on the covariance matrix Σ (or the correlation matrix ρ) of
X_{1}, X_{2},..., X_{p}. Let the random vector
X^{1} = [X_{1},X_{2},..., X_{p}] have
the covariance matrix Σ with eigen values λ _{1} ≥λ
_{2} ≥... ≥λ _{p} = 0.
Considering the linear combination,
Y_{1}=e^{1}_{1 }X=e_{11
}X_{1}, + e_{21 }X_{2}, +... + e_{p1 }X
_{p}
Y_{2}=e^{1}_{2 }X=e_{12 }X_{1},
+ e_{22 }X_{2}, +... + e_{p2 }X _{p}
Y p=e^{1}_{p }X=e_{1p }X_{1}, + e_{2p
}X_{2}, +... + e _{pp }X _{p} 
Then, Var (Y_{i})=e^{1}_{i}
Σ e _{i
}cov (Y_{i}, Y_{k})=e^{1}_{i} Σ
e _{k} 

Then the principal components are those uncorrelated linear combination
Y_{1}, Y_{2},..., Y_{p }whose variances are as
large as possible (Richard and Wichern, 1974).
Basic Assumptions
In principal component analysis the basic equations are
α_{i} = Q _{i r} Z_{r}
(i, r, = 1,2,..., P) 
Table 1: 
Latent root and vectors for growth characters 

tr (Σ _{growth}) = 2450 
Table 2: 
Latent root and vectors for yield characters 

tr (Σ _{yield}) = 166966 
Where: 
Z_{r} 
= 
The rth component, 
Q_{ir } 
= 
The weight of the rth component in the ith variates in matrix notation, 
X 
= 
QZ, 
X 
= 
{α_{1}, α_{2}....α_{p} }, 
Z 
= 
{Z_{1},,Z_{2},... Z_{p}} and Q = {Q _{ir}}. 
We first transform to new variates Y_{1}, Y_{2},..., Y_{p}
Satisfying,
Where, Y = (Y_{1}, Y_{2},...,Y _{p}) and U is
an orthogonal matrix. Let Ur denotes the rth column of U.
Then, U_{1} is chosen first in such a way that the variance of
Y_{1} is maximized. When this is done, U_{2} is chosen
so that the variance of Y_{2} is maximized, subject to the conditions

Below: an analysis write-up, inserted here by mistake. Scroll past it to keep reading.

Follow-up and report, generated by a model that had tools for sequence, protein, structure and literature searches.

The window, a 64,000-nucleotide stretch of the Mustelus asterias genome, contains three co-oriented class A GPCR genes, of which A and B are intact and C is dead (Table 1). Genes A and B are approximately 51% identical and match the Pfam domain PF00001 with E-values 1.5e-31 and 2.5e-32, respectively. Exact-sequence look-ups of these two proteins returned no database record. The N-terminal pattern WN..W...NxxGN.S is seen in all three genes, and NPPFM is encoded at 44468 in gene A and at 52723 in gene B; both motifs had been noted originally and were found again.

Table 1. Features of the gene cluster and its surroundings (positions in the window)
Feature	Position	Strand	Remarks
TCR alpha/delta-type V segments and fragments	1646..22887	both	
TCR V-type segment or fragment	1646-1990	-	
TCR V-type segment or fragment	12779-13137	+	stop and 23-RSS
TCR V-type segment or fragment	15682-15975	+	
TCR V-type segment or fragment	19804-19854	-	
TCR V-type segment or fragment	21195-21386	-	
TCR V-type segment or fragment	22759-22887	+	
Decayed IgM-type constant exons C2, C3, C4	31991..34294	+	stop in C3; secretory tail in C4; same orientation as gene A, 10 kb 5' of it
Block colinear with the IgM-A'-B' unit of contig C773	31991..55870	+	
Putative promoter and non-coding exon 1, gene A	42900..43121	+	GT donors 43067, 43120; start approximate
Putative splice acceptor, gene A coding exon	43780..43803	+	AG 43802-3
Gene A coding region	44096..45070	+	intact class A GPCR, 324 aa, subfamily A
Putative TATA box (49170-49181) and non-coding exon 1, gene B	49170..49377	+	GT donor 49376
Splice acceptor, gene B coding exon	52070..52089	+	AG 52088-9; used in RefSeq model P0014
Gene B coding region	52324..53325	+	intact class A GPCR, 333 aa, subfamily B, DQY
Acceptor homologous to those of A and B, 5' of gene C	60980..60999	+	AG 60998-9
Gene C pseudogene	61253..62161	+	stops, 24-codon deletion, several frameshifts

that Y_{2} is uncorrelated with Y_{1}.
Procedure for Obtaining Latent Root and Vector
• 
Obtain the variancecovariance Σ matrix for the
pvariates. 
• 
Obtain an identity matrix I, in the order of Σ. 
• 
Multiply a scalar λ with the I matrix. 
• 
Equates the det I Σλ I = 0. 
The value of λ are the latent root. For any latent root there exist
a corresponding latent vectors, obtained by (v) Σ x = λx.
RESULTS AND DISCUSSION
Using Pearson correlation coefficient, the bivariate relationship showed
that the number of branch of sweet potato at harvest is positive and highly
correlated with vine length of sweet potato. Vine length of sweet potato
is positive and highly correlated with number of leaves of sweet potato
at harvest. Number of tuber/hill of sweet potato is negative and highly
correlated with number of branches of sweet potato. Tuber fresh weight
is positive and highly correlated with total dry matter of sweet potato
at harvest. Tuber dry weight of sweet potato is positive and highly correlated
with tuber fresh weight.
The first two principal component that explain the total variation in
the original pvariates for the growth characters are:
The first principal component explain 60.9% of the total variation in
the pvariates. The second principal component explain 31.58% of the total
variation in the pvariates. The first and second principal component
explain 92.48% of the total variation in the pvariates. Which reduces
the dimensionality of the original data as shown in Table
1.
The first Principal component that explain the total variation in the
original pvariates for the yield characters is:
The first principal component explain 93.65% of the total variation in
the pvariates as in Table 2.
The above component as shown that the total dry matter and vine length
of sweet potato are the most important variable in growth character. Also,
the tuber fresh weight is the most important variable in the yield characters
of sweet potatoes. This is in conformity with the findings of Muhammed
(2001).
CONCLUSION
In explaining the growth parameters for sweet potatoes (Ipomodea batatas
L.), from the components in Eq. 1, total dry matter
is having the highest coefficient and the vine length the highest in Eq.
2. Therefore, in explaining the growth parameters for Ipomodea batatas
L., both the total dry matter and vine length explain most of the variation
in growth parameters. Likewise in Eq. 3 the tuber fresh
weight is shown to have the highest coefficient, which indicates that it
is the parameter with the most variance in explaining the yield of sweet
potatoes.